On Nafta, Trump said Sunday that he’ll meet with Canadian Prime Minister Justin Trudeau and Mexican President Enrique Pena Nieto to begin discussing the deal, which he has routinely blamed for the loss of U.S. jobs although there was little change to employment in the U.S. in several years after it went into effect. Trump signaled that he’s willing to work with the U.S.’s closest neighbors.
“We’re going to start renegotiating on Nafta, on immigration, and on security at the border,” Trump said at the start of a swearing-in ceremony for top White House staff. “I think we’re going to have a very good result for Mexico, for the United States, for everybody involved. It’s really very important.”
Nobody is suggesting that we shouldn’t trade with the rest of the world, but what Donald Trump understands that so many other politicians do not is that many of these “free trade deals” have been extremely destructive to the U.S. economy.
For years, we have been buying far, far more from the rest of the world than they have been buying from us. As a result of our massive trade deficits, there has been a continual flow of cash, jobs and businesses leaving the country.
Over the past several decades, formerly great manufacturing cities such as Detroit have been reduced to urban hellholes. Meanwhile, China has become exceedingly wealthy and gleaming new factories have sprouted like mushrooms in their major cities.
This didn’t happen by accident.
Bad decisions lead to bad results. And if we had kept on doing the same things, we would have continued to systematically impoverish our nation.
For more than seven years, I have been hammering home the message that our trade policies have been absolutely killing us. So I am quite thankful that we finally have a president that understands these things.
Of course there is much more to fixing our economy than just addressing our trade deals. As I discussed yesterday, our rapidly growing debt is becoming a major crisis, and that is going to present quite a challenge for Trump.
But for the moment, we should definitely celebrate the fact that Trump has gotten us out of the TPP and that he plans to renegotiate NAFTA.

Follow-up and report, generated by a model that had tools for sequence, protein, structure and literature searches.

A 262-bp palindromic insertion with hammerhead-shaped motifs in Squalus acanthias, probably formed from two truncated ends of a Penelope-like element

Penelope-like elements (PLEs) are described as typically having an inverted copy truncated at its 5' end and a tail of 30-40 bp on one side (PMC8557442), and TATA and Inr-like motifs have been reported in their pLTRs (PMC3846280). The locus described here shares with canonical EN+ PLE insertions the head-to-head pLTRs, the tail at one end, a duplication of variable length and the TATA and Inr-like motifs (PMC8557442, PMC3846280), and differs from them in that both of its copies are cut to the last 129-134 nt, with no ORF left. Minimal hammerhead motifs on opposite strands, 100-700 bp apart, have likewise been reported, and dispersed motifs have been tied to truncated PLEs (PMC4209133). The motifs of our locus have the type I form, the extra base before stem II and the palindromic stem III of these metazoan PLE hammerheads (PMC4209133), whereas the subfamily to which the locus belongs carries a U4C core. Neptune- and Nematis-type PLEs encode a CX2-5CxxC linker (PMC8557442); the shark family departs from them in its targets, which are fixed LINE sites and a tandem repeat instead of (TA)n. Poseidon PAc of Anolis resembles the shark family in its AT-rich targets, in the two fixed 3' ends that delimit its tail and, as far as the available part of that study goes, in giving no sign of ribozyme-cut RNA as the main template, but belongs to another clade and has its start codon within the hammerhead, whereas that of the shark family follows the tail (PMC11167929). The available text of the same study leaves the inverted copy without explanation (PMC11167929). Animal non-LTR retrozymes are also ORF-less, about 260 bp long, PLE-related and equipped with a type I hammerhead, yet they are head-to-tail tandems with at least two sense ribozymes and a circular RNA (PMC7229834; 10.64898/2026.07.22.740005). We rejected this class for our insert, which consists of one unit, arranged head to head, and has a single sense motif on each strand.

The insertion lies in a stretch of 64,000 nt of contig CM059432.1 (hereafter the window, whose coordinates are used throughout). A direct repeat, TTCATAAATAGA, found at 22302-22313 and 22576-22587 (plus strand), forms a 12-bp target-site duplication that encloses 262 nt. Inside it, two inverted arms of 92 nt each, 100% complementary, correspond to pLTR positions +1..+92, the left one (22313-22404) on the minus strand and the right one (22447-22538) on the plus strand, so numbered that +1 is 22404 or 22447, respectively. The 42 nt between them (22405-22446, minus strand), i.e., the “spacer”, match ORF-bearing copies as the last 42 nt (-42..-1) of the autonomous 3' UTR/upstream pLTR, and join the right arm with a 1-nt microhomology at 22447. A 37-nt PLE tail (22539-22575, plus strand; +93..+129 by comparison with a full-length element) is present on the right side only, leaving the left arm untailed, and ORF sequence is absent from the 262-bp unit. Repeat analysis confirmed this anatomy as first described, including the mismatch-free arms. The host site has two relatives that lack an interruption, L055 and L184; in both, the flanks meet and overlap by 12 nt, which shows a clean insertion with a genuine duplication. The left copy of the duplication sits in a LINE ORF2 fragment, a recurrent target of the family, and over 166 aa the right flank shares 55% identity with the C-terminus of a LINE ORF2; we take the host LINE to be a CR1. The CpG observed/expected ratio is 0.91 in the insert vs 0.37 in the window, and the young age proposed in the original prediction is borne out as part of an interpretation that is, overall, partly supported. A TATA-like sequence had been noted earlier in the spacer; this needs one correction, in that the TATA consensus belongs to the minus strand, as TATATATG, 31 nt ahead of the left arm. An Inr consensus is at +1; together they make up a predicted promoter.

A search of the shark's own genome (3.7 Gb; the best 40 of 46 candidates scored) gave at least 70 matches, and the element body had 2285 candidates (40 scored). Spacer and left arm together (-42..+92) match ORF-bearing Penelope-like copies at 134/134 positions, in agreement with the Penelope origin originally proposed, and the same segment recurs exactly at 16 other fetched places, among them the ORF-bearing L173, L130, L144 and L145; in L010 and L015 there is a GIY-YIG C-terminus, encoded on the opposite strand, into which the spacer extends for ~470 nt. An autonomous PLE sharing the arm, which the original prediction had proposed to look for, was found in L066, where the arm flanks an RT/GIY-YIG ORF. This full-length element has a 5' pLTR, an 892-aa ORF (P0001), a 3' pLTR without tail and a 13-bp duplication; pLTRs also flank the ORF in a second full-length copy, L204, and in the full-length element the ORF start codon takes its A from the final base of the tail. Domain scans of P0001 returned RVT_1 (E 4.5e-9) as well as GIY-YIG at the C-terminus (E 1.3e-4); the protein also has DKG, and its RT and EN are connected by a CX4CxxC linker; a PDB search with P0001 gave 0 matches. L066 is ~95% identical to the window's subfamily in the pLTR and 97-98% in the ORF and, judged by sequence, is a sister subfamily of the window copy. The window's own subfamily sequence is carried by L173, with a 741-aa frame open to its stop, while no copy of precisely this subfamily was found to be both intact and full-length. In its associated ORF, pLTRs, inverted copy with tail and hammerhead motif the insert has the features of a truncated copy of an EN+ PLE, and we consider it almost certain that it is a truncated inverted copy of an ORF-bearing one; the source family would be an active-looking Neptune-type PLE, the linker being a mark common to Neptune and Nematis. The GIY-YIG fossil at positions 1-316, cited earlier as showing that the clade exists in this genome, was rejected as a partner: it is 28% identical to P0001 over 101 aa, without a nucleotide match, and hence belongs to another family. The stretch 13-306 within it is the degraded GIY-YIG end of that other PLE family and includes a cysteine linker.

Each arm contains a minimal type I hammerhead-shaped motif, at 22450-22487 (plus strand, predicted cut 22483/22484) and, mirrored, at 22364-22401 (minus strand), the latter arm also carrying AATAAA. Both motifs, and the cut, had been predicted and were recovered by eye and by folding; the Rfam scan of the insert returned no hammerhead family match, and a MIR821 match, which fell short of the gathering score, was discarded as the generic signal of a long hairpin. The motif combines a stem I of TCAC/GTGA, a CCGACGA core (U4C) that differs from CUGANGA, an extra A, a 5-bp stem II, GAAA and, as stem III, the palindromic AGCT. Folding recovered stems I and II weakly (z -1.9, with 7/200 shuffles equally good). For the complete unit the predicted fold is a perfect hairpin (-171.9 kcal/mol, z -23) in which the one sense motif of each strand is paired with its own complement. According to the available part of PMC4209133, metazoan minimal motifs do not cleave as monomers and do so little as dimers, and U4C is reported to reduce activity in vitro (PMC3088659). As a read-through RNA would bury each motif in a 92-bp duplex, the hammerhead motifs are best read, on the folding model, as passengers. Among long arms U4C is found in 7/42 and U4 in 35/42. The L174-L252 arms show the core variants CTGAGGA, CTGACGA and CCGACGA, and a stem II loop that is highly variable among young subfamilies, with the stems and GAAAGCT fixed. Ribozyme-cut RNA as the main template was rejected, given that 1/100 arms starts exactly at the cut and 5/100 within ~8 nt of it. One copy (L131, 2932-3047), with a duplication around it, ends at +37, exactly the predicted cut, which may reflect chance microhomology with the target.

Donald Trump understands business, and it is going to be fascinating to watch how a businessman handles the position of the presidency. It has only been a few days, but already some of his former critics seem to be coming around a little bit. For instance, just consider what Mark Cuban is saying…
The Dallas Mavericks owner and entrepreneur is “playing it by ear” when it comes to the effect President Donald Trump’s policies will have on the stock market. But he thinks there’s possible upside.
“I think the discussed economic programs are potentially a big plus for public companies and the overall economy,” Mr. Cuban said in an e-mail Monday morning.
The potential policies Mr. Cuban is optimistic about: corporate tax cuts; getting rid of the “friction” for small businesses; and reducing and simplifying administrative activities.
Considering our current trajectory and the immense amount of long-term damage that was done during the Obama years, it is hard to be optimistic about the future of the U.S. economy.
However, I am certainly willing to give Donald Trump a chance to show what he can do.
At least he is doing things differently than his predecessors did, and that is to be greatly applauded because the road that we were on clearly would have ended in economic oblivion.
We may very well end up there anyway, but there is certainly nothing wrong with being hopeful that Trump can somehow turn things around.